For the first time at my university, one of my professors offered a course in quantum information and computing. I had just started getting interested in cryptography then and being introduced to this new computing model that could break state-of-the-art cryptosystems was a revelation! I was intrigued by this field that almost sounded like something out of science fiction and seemed so counterintuitive, at first.

Encouraged by my professor to pursue it beyond that one course, it was a natural progression for me to eventually pursue a Ph.D. in quantum complexity theory. It allowed me to blend the skills I had learned from both of my undergrad majors seamlessly. Being interested in the more abstract and theoretical aspects of computer science, I spent my Ph.D. analyzing the power of quantum analogs of various computational models. A continuous inspiration since I’ve delved more into quantum computing is that by living at the intersection and cutting edge of many different fields, one gets to work and learn from people whose expertise is vastly different than your own. With Microsoft Quantum’s aim of delivering a full stack of quantum services, that means, I am thrilled for the opportunity to interact with everyone from material scientists to mathematicians within the team.

Judith Suter – Senior Researcher

Judith Suter bio picture

Judith Suter bio picture

Q: Tell us more about your role in the Microsoft Quantum group. What exciting things are you working on right now?

In my work as a Senior Researcher in the Microsoft Quantum Hardware Program, I focus mainly on electrical characterization of different device types, materials, and fabrication processes. My days revolve around planning and designing experiments, running and optimizing low-temperature measurements, and exploring the resulting aggregated data. As part of a global team, another element of my job is cross-site collaboration where we leverage the diverse expertise of the whole team to collectively tackle challenging projects.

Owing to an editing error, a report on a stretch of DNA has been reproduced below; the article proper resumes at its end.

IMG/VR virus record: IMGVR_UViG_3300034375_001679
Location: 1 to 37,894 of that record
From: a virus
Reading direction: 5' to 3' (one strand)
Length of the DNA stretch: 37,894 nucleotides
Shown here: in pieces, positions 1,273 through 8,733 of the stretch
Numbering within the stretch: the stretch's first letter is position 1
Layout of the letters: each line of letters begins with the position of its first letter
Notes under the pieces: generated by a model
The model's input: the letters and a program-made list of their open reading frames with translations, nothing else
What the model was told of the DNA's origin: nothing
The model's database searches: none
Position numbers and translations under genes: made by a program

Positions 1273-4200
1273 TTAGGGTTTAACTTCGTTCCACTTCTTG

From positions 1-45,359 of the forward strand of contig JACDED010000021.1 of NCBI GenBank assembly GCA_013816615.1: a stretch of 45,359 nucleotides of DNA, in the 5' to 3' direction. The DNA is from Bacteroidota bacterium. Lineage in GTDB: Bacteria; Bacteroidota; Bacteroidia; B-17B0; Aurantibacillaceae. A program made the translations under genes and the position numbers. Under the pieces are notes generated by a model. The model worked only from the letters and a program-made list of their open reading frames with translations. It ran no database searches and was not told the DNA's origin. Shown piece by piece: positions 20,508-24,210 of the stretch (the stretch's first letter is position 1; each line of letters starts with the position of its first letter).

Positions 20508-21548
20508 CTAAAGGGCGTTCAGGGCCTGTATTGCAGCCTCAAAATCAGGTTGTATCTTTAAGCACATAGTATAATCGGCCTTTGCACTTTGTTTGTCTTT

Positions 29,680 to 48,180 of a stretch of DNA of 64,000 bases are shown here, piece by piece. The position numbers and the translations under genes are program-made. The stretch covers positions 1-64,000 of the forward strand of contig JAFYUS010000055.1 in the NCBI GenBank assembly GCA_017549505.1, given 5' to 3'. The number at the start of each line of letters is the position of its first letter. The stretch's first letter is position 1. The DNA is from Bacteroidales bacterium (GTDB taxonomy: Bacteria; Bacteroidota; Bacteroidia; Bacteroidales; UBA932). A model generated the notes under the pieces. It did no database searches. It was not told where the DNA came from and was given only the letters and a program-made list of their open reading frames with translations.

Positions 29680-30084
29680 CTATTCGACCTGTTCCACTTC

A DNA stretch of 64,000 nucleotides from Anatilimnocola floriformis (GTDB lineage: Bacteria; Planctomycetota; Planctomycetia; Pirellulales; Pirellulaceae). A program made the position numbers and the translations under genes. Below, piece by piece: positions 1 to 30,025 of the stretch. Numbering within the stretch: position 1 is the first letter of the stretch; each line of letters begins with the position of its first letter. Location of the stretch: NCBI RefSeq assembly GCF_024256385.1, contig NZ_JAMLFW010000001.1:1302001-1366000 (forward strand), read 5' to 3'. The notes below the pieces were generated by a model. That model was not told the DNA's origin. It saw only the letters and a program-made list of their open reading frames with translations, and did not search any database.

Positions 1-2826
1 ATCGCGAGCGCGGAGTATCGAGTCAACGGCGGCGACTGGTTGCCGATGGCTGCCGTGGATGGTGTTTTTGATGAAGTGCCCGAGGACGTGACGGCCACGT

Recently I also became part of the Azure Hardware Systems and Infrastructure Diversity and Inclusion Council, where I represent the Quantum Hardware Program. I am excited to help drive the efforts towards the ambitious goals of Microsoft to fuel systemic change, widen our pipelines to reach and engage a diverse group of people, and transform our culture to ensure that everyone feels welcome and valued.

Q: What was it that attracted you to the technology field? How and why did you decide to join the domain of quantum computing?

My path to working on quantum computing was not without detours. As a high school student, I was fascinated by surrealist painters and the strange but self-consistent worlds they portrayed, so I commenced my studies at an arts and graphic design academy. Eventually, I left, longing to do something completely different, something I knew nothing about. I signed up for an undergraduate degree in Nanoscience, where I felt I could get a taste of different scientific fields. There, quantum physics intrigued me from the start: counterintuitive concepts born out of creative boldness – surprisingly, some lectures ended up reminding me of my art classes studying surrealism. I was hooked. I bought a one-way ticket to the epicenter of quantum physics, the Niels Bohr Institute in Copenhagen, joined Prof. Charles Marcus’ lab there at the Center for Quantum Devices and started my training to become a quantum physicist.